Almost three years after a High Court judge ruled against the Post Office and said computer errors caused untold damage for which subpostmasters were blamed, many of the victims have yet to receive any compensation.
Former judge Wynne Williams, who chairs the public inquiry set up to investigate the scandal, has criticized the lack of progress in providing interim compensation to a large group of scandal victims.
“I am disappointed at the apparent lack of significant progress to date,” he said in a statement. “I am aware from correspondence with me that discussions are ongoing. However, I am also aware that there are individuals who are unhappy with the pace of progress.”
Williams said he will hold hearings in the next few months to get updates on progress. “If, at the hearing, it becomes clear to me that sufficient progress has not been made, I will then, as stated in the conclusion of my progress update, provide an interim report containing specific recommendations under s24(3) of the Inquiry Act. 2005,” he said.
This is a significant announcement as it will see Williams exercise his statutory powers – it will be put before Parliament and the Government will be forced to respond.
Many of the victims of the scam lost everything after being wrongly blamed for unexplained shortfalls in their accounts, which were caused by a fault in the Post Office’s computer system used for branch accounting.
They have lost businesses, homes, many have been prosecuted and jailed, and there have been suicides linked to scandals. In 2009, Computer Weekly told the story of seven subpostmasters affected by the problem (See the timeline of Computer Weekly articles below).
It has been almost three years since the High Court ended a Group Litigation Order (GLO), in which a group of former subpostmasters proved that computer errors were to blame and not themselves. The Post Office was forced to set up a compensation scheme for all affected ex-subpostmasters.
A group of over 500 subpostmasters – members of the Justice for Subpostmasters Alliance (JFSA), who took the post office to court and Proved that the unexplained damage was caused by a computer error – was excluded from the compensation scheme.
The Government said the £57m paid to subpostmasters after defeating the Post Office in court was full and final, although £11m of this money was eaten up by legal costs.
But they continued to fight for fair compensation, just as they had fought for justice for more than a decade, and in June the government was forced to Agree to pay them fair compensation.
Many are suffering serious financial difficulties today as a direct result of the scandal and some are having to wait for interim compensation due to the complexity of their cases, including their bankruptcy status and their prosecution by the Post Office. Not found guilty in court.
The government, through the Department for Business, Energy and Industrial Strategy (BEIS), promised subpostmasters that they would receive interim payments within weeks of receiving applications from claimants, but some have now been waiting almost two months for payments. made up
Computer Weekly understands that a significant number of JFSA members are nowhere near receiving their interim payments.
More than 400 of the groups have received interim payments and others need to provide more information, while around 60 are in limbo because they are bankrupt as a result of the Horizon error.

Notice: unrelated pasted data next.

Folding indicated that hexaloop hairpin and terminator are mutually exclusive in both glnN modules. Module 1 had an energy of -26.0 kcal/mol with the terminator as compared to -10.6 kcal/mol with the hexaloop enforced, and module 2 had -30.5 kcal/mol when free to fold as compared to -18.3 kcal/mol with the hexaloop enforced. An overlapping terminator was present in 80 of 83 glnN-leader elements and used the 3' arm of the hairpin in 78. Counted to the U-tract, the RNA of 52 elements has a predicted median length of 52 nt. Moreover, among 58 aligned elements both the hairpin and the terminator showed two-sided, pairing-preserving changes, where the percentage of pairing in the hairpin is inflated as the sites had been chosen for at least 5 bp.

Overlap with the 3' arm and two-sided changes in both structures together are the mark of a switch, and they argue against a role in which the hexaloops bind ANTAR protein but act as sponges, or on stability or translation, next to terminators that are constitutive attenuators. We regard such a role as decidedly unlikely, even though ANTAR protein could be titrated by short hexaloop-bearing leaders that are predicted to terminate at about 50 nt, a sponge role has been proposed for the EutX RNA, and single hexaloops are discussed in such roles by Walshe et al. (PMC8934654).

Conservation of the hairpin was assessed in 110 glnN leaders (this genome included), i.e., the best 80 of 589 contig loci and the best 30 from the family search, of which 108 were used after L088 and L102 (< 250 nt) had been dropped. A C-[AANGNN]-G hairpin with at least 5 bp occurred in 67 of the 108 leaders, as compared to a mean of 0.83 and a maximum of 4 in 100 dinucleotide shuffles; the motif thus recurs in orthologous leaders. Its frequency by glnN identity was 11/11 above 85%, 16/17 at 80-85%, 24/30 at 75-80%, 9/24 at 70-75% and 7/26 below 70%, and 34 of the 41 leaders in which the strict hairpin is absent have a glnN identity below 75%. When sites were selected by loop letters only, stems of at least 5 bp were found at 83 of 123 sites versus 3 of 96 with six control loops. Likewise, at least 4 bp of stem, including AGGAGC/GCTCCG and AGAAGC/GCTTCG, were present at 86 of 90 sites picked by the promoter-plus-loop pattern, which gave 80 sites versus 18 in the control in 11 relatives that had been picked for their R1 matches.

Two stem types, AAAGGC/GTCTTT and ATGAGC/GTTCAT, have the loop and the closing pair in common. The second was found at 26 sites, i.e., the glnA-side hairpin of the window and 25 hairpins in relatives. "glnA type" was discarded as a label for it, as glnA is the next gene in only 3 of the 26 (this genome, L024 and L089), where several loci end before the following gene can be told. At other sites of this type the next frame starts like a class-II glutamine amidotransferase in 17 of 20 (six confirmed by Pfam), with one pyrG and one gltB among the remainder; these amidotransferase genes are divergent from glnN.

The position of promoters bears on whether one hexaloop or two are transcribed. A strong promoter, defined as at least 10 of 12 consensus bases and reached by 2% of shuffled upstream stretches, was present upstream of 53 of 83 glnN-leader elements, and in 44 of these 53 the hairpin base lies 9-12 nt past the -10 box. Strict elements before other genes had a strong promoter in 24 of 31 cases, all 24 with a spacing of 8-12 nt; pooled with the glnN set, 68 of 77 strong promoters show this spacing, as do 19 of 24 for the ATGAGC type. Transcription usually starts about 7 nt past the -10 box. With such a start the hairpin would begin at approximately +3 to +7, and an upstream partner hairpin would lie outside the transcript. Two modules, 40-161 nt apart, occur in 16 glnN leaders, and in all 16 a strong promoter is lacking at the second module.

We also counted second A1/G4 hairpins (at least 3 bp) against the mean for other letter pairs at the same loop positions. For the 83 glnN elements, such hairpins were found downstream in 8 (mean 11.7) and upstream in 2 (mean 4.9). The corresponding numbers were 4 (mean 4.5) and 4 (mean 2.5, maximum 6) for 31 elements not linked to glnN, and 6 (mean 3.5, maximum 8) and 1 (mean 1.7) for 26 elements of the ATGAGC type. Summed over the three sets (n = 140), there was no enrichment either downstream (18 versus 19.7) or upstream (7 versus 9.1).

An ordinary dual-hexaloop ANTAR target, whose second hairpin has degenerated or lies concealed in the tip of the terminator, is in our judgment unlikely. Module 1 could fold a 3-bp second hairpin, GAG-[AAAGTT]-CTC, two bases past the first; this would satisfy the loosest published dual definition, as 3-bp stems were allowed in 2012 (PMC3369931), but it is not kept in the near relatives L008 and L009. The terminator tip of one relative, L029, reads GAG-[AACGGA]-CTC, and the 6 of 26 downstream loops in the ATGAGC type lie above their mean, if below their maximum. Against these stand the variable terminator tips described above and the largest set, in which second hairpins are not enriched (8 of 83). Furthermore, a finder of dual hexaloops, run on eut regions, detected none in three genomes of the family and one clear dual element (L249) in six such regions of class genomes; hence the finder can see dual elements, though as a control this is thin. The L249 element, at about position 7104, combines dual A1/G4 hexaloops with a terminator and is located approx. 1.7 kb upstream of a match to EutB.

Earlier this month, Ho + Co, a lawyer representing victims of the scam, wrote to Williams about their concerns about the progress of interim payments.
After Williams’ announcement, David Enright, partner at Howe+Co, said: “The Chair’s statement demonstrates her focus on fair compensation and her determination to continue to monitor its progress until subpostmasters are reinstated to their positions.”
Former Essex subpostmaster Sue Palmer is one of the JFSA group who won GLOs and are yet to receive an interim payment. He was tried in 2004 for financial crimes following unexplained losses by the Post Office, but was found not guilty. People like him, who were tried but not found guilty, still lost businesses, homes, thousands of pounds and had their lives turned upside down.
The government agreed to pay interim compensation of up to £100,000 to all those wrongly convicted, but Palmer did not qualify as he was acquitted.
He is eligible to receive interim compensation as a member of the JFSA, but the delay is because he is insolvent, which has related complications.
A letter from Palmer’s law firm Friths, which is handling the compensation claim, said: “As well as our recent correspondence regarding your bankruptcy, the primary view of the Insolvency Service is that compensation should not form part of your bankruptcy. However, we need your trustees to agree to this – you know, they have a duty to act in the best interests of your creditors.
“We are in the process of contacting your trustees, and the government is setting out its legal advice in writing to your trustees to consider their respective positions. This is a positive step, but there is still some way to go to ensure that everyone agrees We will continue to keep you updated.”
Palmer said he lives on benefits and recently borrowed money from his elderly parents in the belief that he would be able to pay them back quickly.
“I have shown them all the letters that I will get compensation soon, but I have not received it yet,” he said. Her father is in his nineties and in end-of-life care. He was devastated as he could not repay the loan.
“The first thing I do every morning is check my bank account to see if I have an interim payment,” he added.
Palmer believes he would have been better off if he had pleaded guilty to false accounting instead of fighting the case, which he won.
BEIS was not available for comment at the time of writing.